Grassroots movement goes off-campus

GW students have many different ways to spend a weekend. When going to parties, exploring the city, or studying, there is rarely a dull moment. Yet almost every weekend some students choose to cram onto buses, drive for hours and sleep on school gym floors, just to knock on the doors of hundreds of strangers.

Candidates from both sides of the aisle have been recruiting students from GW to travel to key primary states and begin campaigning. Both South Carolina and New Hampshire are key early primary states and are within driving distance from Foggy Bottom.

Groups such as GW Students for Giuliani, GWU for Richardson and GW Students for Obama have packed up their bags and hopped on grassroots campaigning trips to cities more than 500 miles from the District.

GW Students for Obama recently organized a trip to South Carolina in late September. The trip included more than 50 people from D.C. for Obama, with 18 of those from GW.

“We filled up a bus with people and went down to South Carolina. We slept on the floor of an elementary school and then knocked on doors,” said Adam Weiner, field director for the organization. “It felt good to get out and do something instead of just sitting around and talking.”

Grassroots campaigning is a way for everyday people to take an active role in politics, said Alison McCauley, chair of GWU for Richardson chair. She said grassroots campaigning is led by people who wish to participate in politics in ways beyond the traditional financial contributions. Any time someone can devote goes further than any monetary contribution they can make, she said. GWU for Richardson just wrapped a trip to New Hampshire in early October. The trip was small, only 10 volunteers, with four students from GW.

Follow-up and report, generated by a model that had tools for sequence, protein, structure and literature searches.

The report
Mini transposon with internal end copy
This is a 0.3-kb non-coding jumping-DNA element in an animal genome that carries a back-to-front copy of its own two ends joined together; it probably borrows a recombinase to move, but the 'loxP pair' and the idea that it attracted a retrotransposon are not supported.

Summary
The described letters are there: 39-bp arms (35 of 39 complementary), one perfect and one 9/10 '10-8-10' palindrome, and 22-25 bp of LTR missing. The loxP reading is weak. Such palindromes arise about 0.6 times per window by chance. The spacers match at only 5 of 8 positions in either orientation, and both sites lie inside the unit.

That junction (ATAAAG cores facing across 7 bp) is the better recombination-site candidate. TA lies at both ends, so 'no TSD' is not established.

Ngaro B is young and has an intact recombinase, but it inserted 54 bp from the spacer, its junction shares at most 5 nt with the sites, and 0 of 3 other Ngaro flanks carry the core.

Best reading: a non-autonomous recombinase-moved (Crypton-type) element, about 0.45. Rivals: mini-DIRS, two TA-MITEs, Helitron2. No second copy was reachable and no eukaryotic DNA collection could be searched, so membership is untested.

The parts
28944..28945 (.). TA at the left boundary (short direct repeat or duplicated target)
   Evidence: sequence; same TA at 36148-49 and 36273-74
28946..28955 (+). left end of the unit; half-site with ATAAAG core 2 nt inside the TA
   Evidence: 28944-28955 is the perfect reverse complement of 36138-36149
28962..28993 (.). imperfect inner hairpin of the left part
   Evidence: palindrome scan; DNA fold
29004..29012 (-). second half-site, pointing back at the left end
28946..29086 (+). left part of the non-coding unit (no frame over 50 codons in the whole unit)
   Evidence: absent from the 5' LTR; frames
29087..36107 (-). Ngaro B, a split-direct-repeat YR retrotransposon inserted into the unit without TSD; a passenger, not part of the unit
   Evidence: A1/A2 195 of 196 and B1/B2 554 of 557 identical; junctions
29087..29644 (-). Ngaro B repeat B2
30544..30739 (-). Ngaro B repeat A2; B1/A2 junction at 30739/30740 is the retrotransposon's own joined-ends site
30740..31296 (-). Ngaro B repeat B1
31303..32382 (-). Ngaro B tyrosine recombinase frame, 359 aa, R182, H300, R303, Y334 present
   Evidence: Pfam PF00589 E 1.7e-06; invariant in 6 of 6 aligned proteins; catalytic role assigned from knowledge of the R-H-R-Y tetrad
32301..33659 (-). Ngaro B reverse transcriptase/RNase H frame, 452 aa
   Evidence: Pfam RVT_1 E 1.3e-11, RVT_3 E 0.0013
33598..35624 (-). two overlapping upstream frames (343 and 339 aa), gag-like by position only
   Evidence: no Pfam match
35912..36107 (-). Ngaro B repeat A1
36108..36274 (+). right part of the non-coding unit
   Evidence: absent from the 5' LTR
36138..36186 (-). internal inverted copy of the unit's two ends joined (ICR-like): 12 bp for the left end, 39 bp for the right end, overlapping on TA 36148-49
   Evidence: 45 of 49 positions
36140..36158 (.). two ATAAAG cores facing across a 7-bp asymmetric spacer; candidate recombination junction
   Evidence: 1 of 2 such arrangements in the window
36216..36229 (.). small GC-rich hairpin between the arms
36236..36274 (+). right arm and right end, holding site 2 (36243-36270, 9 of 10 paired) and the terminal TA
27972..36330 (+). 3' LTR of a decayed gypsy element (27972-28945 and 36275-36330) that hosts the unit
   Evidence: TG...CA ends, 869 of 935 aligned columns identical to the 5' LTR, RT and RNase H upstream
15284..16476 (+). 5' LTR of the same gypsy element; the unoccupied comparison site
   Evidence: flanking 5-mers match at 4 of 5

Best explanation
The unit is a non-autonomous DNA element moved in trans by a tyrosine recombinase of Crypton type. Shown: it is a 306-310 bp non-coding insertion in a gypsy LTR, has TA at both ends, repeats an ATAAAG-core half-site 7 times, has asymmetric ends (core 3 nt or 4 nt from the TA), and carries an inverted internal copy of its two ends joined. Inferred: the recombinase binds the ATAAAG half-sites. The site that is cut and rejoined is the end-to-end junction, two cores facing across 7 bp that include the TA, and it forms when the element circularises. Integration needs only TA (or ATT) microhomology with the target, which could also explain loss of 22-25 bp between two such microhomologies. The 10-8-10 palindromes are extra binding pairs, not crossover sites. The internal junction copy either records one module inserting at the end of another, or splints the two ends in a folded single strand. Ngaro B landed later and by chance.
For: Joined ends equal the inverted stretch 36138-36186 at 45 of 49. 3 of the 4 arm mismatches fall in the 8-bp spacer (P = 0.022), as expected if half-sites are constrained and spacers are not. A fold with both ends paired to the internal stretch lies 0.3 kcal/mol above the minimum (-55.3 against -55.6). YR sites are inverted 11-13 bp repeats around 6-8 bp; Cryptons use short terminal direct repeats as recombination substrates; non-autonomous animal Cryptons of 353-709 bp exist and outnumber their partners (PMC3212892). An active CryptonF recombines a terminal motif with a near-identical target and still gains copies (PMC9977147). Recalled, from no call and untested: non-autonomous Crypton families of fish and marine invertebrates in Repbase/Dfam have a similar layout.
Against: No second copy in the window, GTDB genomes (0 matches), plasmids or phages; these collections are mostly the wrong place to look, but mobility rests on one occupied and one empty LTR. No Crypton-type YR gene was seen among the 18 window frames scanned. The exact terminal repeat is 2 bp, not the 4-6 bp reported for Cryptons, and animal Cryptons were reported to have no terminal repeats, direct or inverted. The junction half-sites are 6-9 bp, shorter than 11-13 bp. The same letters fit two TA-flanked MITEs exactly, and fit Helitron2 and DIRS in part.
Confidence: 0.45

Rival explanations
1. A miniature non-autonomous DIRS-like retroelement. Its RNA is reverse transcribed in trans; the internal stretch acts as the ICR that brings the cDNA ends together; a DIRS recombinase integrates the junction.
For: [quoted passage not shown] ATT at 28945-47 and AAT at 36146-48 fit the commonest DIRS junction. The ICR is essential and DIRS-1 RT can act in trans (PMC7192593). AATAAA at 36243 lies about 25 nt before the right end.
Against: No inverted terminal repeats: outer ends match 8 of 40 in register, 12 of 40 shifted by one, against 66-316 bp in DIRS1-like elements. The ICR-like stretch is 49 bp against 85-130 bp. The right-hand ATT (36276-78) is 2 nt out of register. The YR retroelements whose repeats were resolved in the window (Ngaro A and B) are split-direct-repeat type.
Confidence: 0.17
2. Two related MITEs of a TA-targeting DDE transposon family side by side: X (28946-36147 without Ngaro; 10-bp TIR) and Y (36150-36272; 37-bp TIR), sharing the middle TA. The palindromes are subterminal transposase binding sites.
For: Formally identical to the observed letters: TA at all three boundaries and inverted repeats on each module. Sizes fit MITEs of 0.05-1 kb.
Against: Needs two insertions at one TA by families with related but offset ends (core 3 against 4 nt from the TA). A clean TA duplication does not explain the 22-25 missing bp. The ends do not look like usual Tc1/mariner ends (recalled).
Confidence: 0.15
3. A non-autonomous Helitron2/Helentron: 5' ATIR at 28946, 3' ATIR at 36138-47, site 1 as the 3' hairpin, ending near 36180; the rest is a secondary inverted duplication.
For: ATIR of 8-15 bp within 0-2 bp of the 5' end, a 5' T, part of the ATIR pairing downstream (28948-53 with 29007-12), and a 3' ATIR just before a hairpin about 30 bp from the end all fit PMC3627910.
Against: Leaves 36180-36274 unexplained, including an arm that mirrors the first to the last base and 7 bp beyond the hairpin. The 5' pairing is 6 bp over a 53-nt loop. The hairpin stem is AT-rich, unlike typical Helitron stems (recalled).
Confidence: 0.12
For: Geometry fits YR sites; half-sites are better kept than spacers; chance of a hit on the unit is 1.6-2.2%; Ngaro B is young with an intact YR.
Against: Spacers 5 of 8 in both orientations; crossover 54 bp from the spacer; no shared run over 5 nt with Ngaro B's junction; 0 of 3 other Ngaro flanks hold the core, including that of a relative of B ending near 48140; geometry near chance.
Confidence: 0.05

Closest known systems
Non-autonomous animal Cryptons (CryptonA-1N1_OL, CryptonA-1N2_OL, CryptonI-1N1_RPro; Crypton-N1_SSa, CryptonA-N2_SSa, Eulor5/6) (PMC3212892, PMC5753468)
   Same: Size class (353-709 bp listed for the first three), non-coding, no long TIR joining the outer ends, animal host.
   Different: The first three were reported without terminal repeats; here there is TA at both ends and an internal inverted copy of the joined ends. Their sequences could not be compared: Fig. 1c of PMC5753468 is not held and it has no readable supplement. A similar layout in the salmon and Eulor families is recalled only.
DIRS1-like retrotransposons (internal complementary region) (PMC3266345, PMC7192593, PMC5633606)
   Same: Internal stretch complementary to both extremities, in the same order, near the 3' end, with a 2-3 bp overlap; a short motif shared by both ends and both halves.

“Getting to work for the governor on the ground in such a critical state is an exciting way to get directly involved with helping the campaign,” McCauley said.

The 2008 presidential election is still more than a year away, but candidates are now campaigning harder and earlier than ever before. Candidates are covering the big circuits – making TV ads, staging rallies, giving speeches, participating in debates and holding fundraising dinners for $1,000 a plate – but much of campaigning still goes on at the local level. The name of the game nowadays is coverage – getting the candidates name and information out to the most people.

“While spreading our message via the airways and Web is crucial, today’s increasingly close elections are being won and lost on the ground, and grassroots campaigners are the foot soldiers,” said Nick Sosa of GW Students for Giuliani said.

Campaigns need thousands of “foot soldiers,” and one of the first places they look is at universities such as GW.

“The students who sacrifice their free time to campaign realize how much is at stake for themselves and their country in the upcoming election,” Sosa said. Everyone has their own reasons for campaigning. For Weiner, it’s his deep belief in Sen. Obama’s (D-Ill.) vision. He said Obama represents “change and (is) most likely to close wounds here and abroad.” For McCauley and Sosa, convincing voters that their candidate is the best has been the main goals of their organizations. McCauley and Sosa said it’s all about spreading the word about their candidate’s vision for the future.

“By making voters aware of Mayor Giuliani’s optimistic vision and record of conservative governance, they can make the difference in helping to ensure that Rudy Giuliani is elected as the next president of the United States,” Sosa said.

But no matter their reasons, campaigners share a similar notion that everyone can play an important role in an election.

Weiner said “many people don’t really feel they can make a difference, which is wrong. Every door I knock on could change a prospective voter.”

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